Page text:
The Other Side of Teacher Tenure
It's extremely rare when the opinion pages of The New York Times and The Wall Street Journal agree on anything. But that was the case on Aug. 19 when the subject was teacher tenure ("The Trouble With Tenure," and "The Public Turns Against Teacher Tenure"). Both columnists based their case against tenure on the alleged ironclad protection it grants ineffective teachers.
If tenure is indeed the villain, then why do students in states with strong unions (and strong tenure laws) consistently outperform students in states with weak unions (and weak or no tenure laws)? Massachusetts and Minnesota fall into the former category, while Mississippi and Louisiana fall into the latter. Obviously, something beside tenure accounts for the dramatic differences. Yet neither columnist addresses this fact.
Nor does either columnist talk about the downside of eliminating or weakening tenure. I've written often before about the situation several years ago at Brooklyn Tech, one of New York City's three elite high schools. The principal so poisoned the atmosphere by bullying even teachers with exemplary records that many requested transfers rather than continue to be harassed. Their crime was speaking out against policies at the school that they deemed were detrimental to learning.
Without tenure, these same outstanding teachers could have been terminated, depriving their students of inspired instruction. Once again, this side of the tenure story is ignored or given short shrift. Instead, the two columnists focus on the small percentage of ineffective teachers who hold on to their jobs. In Vergara v. State of California, the judge found that between one to three percent of teachers in the state were grossly ineffective.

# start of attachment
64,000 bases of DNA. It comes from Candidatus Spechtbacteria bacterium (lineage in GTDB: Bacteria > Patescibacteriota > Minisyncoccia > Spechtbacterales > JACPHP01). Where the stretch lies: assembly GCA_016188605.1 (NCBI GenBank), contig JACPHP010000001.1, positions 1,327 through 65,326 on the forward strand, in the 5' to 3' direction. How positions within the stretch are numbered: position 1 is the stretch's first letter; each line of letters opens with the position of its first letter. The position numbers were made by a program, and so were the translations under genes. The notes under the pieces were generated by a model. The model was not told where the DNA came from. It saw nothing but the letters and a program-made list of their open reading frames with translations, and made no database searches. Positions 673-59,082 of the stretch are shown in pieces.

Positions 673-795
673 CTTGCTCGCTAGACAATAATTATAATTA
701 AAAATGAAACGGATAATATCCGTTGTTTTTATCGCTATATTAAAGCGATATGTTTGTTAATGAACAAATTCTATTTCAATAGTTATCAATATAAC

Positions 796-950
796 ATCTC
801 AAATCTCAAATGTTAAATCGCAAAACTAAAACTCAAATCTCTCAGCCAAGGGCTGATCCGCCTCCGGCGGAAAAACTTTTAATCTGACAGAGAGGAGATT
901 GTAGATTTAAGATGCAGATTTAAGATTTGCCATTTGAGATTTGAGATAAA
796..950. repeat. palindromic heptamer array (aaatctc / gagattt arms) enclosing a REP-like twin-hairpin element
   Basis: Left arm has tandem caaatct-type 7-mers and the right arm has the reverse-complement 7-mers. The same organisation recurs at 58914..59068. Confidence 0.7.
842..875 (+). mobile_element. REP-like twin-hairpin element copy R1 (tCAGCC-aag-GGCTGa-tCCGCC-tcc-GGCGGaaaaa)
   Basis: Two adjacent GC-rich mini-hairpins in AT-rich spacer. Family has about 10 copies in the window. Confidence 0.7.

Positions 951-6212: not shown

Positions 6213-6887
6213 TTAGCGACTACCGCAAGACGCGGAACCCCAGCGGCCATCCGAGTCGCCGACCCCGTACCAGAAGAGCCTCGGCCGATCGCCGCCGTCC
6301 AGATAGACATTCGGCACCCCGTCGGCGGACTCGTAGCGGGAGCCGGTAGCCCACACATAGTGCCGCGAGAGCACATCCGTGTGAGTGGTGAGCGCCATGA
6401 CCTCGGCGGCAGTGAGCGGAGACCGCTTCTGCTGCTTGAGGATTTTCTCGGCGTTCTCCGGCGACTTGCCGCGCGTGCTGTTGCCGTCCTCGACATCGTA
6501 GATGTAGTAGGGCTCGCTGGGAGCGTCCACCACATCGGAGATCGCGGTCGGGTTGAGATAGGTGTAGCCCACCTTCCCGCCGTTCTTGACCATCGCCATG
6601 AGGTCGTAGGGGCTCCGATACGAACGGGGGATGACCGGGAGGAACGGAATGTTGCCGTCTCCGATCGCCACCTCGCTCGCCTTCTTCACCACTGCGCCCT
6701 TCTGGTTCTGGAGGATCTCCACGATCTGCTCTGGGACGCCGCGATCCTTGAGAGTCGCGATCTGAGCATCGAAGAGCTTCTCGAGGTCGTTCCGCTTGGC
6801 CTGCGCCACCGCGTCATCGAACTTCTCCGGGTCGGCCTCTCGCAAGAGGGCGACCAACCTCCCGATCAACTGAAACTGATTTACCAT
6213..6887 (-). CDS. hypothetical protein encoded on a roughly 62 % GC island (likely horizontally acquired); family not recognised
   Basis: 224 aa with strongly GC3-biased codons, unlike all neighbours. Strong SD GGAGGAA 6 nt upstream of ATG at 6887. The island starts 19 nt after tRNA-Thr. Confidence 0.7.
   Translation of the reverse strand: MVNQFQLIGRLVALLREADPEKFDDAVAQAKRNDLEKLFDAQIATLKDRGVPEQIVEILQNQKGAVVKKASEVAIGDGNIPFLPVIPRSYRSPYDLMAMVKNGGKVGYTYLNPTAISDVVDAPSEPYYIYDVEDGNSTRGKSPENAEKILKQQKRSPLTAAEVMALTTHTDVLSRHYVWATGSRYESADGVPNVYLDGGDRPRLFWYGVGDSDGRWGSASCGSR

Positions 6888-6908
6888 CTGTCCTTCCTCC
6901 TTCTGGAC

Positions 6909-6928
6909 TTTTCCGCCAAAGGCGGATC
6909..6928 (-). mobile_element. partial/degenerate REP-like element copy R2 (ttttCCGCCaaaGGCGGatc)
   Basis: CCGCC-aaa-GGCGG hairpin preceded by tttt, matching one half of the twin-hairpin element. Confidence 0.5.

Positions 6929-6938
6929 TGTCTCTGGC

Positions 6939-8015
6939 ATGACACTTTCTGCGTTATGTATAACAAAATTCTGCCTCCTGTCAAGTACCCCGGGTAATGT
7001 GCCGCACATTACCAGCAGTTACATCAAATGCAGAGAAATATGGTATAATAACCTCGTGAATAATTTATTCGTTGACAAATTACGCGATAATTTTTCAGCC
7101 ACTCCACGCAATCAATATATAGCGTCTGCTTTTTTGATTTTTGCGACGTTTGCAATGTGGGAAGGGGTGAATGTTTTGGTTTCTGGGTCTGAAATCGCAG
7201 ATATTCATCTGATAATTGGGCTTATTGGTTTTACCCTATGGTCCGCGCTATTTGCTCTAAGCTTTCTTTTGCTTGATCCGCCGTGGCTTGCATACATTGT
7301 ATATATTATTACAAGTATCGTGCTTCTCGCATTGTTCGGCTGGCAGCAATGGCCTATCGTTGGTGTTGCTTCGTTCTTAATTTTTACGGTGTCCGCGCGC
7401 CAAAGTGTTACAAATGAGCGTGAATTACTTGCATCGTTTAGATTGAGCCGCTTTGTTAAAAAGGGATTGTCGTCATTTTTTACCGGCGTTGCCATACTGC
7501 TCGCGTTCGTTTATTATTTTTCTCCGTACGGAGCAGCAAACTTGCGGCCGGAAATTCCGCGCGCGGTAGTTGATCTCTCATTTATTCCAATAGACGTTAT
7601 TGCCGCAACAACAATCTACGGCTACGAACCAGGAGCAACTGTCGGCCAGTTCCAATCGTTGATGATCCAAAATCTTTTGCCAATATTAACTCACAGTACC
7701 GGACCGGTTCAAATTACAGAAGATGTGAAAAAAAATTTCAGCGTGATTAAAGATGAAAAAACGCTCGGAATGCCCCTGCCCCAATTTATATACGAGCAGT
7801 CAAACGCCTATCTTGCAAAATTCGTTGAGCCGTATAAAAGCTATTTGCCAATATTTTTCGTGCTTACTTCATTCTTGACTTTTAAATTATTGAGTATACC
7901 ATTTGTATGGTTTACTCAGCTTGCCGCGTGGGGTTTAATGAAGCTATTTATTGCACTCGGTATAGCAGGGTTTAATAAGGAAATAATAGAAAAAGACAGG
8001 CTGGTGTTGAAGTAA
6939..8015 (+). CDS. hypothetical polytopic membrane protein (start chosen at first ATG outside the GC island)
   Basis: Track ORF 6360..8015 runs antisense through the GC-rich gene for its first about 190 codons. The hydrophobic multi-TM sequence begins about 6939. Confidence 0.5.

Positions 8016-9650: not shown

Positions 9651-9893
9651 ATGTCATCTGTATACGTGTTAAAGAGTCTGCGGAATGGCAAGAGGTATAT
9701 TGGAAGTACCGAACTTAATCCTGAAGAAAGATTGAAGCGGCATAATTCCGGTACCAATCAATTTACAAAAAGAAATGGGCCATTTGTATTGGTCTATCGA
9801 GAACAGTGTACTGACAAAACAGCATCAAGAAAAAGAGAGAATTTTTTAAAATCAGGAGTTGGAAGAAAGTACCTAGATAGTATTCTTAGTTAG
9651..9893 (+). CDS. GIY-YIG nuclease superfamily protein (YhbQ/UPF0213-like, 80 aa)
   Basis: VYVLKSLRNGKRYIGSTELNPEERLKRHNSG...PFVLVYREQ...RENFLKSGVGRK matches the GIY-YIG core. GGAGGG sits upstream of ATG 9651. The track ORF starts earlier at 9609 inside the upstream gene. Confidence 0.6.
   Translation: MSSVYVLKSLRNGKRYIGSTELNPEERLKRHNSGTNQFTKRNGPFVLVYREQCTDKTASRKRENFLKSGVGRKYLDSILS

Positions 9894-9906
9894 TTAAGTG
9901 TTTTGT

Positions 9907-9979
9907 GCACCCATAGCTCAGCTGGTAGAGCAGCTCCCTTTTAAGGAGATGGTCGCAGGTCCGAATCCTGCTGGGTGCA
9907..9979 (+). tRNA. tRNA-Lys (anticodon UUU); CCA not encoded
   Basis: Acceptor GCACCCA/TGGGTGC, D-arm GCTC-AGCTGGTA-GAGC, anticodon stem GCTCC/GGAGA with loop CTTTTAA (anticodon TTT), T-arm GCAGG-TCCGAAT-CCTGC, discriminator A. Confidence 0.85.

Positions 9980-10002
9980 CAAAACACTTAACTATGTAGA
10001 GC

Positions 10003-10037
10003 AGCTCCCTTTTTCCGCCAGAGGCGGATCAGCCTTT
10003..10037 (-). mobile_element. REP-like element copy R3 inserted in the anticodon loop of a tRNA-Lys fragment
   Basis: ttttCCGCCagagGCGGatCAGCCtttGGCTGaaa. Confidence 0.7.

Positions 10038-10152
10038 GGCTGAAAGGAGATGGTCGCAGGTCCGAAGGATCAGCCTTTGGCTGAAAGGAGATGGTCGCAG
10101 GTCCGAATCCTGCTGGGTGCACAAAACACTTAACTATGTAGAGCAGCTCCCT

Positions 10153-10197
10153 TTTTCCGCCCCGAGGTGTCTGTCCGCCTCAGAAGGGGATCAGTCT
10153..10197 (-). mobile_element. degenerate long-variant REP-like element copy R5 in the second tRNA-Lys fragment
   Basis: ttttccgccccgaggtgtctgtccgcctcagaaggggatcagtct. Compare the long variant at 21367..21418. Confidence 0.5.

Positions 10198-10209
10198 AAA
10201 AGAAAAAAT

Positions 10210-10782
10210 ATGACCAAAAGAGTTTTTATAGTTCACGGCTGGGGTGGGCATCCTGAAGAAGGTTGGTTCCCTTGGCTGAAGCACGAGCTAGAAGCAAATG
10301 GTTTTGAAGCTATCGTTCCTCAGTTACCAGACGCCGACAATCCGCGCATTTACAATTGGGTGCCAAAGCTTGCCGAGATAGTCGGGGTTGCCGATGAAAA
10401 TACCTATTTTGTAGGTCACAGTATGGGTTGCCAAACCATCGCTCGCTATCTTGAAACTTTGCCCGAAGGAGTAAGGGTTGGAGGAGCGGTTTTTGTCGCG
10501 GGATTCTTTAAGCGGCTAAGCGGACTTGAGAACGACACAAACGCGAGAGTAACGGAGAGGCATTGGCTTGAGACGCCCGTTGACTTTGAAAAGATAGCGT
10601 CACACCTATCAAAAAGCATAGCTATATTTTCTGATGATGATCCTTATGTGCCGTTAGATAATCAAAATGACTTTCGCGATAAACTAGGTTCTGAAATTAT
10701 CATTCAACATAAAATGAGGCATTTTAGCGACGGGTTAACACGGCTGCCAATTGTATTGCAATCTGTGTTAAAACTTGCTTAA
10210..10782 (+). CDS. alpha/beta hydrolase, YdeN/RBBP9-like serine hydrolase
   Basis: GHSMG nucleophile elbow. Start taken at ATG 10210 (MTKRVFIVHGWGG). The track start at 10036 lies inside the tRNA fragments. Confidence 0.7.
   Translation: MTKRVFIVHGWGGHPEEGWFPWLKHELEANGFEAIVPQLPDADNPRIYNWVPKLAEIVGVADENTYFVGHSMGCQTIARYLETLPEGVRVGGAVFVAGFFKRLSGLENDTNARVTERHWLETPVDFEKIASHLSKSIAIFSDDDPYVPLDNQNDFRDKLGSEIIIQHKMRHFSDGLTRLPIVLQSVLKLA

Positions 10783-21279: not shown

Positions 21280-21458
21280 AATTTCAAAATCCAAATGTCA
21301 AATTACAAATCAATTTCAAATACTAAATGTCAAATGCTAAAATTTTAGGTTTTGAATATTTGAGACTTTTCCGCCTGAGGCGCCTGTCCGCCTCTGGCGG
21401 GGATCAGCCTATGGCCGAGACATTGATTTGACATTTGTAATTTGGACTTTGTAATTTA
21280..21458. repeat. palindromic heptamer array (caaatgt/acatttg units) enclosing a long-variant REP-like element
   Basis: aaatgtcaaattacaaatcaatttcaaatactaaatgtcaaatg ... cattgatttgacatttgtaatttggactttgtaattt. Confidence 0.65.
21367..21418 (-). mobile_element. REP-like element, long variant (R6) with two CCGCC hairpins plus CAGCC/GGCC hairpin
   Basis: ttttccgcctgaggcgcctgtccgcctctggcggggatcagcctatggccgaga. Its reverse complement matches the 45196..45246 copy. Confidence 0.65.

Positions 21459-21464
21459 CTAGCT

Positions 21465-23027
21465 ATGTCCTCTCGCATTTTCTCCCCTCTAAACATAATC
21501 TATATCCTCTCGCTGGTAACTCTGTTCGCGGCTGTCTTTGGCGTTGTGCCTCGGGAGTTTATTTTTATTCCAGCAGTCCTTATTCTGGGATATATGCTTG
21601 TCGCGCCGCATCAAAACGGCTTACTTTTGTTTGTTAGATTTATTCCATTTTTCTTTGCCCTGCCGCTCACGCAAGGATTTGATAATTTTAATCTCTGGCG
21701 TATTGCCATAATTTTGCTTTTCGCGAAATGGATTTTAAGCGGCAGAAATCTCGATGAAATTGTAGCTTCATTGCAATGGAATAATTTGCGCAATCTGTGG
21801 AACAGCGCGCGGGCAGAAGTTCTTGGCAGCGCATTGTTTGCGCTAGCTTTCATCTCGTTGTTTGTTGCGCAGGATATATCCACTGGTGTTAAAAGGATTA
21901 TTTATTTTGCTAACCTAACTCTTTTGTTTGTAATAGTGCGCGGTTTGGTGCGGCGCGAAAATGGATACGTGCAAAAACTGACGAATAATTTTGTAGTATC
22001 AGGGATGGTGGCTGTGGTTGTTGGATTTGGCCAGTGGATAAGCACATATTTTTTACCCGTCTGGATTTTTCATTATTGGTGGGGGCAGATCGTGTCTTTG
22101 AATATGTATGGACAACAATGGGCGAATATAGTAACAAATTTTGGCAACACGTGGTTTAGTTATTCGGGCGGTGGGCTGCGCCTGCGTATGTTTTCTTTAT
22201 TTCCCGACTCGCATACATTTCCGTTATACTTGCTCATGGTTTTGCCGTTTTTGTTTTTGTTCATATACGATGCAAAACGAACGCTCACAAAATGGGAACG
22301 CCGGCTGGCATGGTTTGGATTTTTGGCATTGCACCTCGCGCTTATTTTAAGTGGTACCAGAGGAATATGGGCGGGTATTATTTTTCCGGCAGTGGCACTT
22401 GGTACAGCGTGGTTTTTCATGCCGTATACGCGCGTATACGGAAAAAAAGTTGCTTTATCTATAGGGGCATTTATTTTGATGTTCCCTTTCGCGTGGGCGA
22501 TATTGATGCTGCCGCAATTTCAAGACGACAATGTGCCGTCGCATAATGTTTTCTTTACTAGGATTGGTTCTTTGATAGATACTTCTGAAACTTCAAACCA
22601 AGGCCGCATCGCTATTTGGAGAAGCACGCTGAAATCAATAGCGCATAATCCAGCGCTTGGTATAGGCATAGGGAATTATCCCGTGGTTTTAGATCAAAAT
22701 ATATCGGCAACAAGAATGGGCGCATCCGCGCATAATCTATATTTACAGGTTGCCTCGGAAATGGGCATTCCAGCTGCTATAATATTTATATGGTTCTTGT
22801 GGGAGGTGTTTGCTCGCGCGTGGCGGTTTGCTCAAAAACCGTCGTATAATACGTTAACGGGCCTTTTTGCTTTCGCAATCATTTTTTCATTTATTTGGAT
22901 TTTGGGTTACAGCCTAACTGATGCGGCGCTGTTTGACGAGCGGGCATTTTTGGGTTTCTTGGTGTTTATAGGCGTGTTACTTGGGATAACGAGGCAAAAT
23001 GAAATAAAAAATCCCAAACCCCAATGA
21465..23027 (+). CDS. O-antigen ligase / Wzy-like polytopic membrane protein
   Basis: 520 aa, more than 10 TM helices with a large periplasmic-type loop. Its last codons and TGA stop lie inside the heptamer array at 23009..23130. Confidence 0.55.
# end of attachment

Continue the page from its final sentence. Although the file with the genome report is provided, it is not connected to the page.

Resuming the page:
What about these teachers? They deserve a chance to improve within a short time frame. If they cannot, they should be fired. School districts can and do fire incompetent teachers. I agree that the process takes far too long, but that can be remedied by changing the law - not abolishing tenure. In other words, let's not throw the baby out with the bathwater.
If tenure is eliminated, fewer of the best college graduates will choose a career in teaching. Those that do so in the belief that their track record in the classroom will protect them from retribution will quit when it becomes apparent they were naive. I've seen how retaliation by principals works. It can be quite subtle, such as giving teachers the worst schedules, or it can be quite blatant, such as giving teachers unsatisfactory ratings on trumped- up charges. In both cases, however, students ultimately pay the price because their teachers' morale suffers.
I do not believe that students will get a better education if tenure is abolished. At first, grossly ineffective teachers will be terminated. That's as it should be. But after the purge, no teacher will be protected from capricious dismissal. That's not far fetched. In the distant past, "principals hired and fired teachers based on personal connections, whims, and politics" ("The Myth of Teacher Tenure," Teachers College Record, Jul. 23). What's to prevent the same thing from happening again?